Anal fistula - Symptoms 

Symptoms of an anal fistula 

There are several common symptoms of an anal fistula.

Symptoms include:

  • skin irritation around the anus (the opening where waste leaves the body)
  • a throbbing, constant pain that may be worse when you sit down, move around, have a bowel movement or cough
  • a discharge of pus or blood when you have a bowel movement – read more information about rectal bleeding

If your fistula was caused by an abscess that you still have, you may have:

  • a high temperature of 38ºC (100.4ºF) or over
  • fatigue
  • a general feeling of being unwell

If your fistula was caused by inflammation of the intestines (part of your digestive system) – for example, because of a condition such as Crohn's disease – you may also have:

Read more information about the causes of an anal fistula.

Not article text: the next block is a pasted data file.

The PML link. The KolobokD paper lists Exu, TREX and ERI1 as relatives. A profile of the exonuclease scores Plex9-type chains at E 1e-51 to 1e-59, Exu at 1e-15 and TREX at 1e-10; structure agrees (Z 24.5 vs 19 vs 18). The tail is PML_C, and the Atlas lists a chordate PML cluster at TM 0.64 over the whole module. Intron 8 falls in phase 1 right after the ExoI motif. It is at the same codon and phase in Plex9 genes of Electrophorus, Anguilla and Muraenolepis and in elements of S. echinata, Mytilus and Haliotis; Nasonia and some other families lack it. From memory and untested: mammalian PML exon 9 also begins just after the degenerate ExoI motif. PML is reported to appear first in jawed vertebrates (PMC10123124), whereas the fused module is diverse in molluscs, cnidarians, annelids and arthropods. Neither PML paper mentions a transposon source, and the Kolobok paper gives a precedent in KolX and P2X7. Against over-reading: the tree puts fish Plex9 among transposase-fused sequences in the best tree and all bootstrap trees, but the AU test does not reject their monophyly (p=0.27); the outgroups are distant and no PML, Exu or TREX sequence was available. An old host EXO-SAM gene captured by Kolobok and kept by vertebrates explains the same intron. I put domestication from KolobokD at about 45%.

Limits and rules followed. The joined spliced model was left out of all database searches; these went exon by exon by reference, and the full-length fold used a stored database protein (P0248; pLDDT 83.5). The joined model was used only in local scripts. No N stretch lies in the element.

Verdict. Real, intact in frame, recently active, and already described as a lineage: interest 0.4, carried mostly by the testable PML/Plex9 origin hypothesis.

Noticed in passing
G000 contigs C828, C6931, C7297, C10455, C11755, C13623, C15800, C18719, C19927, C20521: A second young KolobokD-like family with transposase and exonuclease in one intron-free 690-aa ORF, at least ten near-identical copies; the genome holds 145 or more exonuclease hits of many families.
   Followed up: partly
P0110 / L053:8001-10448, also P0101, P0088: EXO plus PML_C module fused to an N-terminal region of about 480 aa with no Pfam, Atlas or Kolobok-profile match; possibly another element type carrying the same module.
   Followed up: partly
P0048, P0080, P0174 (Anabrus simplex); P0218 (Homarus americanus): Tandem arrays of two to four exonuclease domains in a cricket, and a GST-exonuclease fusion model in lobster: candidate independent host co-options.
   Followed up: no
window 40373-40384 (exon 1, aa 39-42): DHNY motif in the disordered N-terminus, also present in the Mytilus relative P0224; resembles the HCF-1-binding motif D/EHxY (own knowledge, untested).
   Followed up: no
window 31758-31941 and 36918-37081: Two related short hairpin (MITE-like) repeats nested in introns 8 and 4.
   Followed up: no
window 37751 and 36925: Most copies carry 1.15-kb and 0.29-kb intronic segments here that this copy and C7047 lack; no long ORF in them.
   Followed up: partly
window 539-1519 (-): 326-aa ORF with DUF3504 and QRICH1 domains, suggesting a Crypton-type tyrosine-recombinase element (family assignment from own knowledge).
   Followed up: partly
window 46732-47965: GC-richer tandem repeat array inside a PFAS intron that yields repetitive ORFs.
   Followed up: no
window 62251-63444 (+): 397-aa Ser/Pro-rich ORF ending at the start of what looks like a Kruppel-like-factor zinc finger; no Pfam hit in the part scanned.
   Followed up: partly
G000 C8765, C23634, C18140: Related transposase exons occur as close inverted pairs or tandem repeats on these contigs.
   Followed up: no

Types of fistula

An anal fistula is usually classified as:

  • simple or complex – depending on whether there is a single fistula tract or interlinking connections
  • low or high  depending on its position and how close it is to the sphincter muscles

The sphincter muscles are two rings of muscles that open and close the anus. They are known as the internal and external sphincter muscles.

The most common types of anal fistula are:

  • intersphincteric fistula – the fistula tract (channel) crosses the internal sphincter and opens on the surface of the skin next to the anus
  • transsphincteric fistula – the fistula tract passes through both the internal and external sphincters and opens on the surface of the skin next to the anus

Other types of anal fistula can:

  • begin at a different part of the colon (large intestine)
  • extend in a different direction so the fistula does not open next to the anus
  • develop in a horseshoe shape, with two open ends either side of the anus

Page last reviewed: 20/06/2014

Next review due: 20/06/2016

Ratings

How helpful is this page?

Average rating

Based on 68 ratings

All ratings

Add your rating

Comments

Video: IBS - Ansar's story

Find out how Ansar Ahmed Ullah is finally learning to live with irritable bowel syndrome (IBS)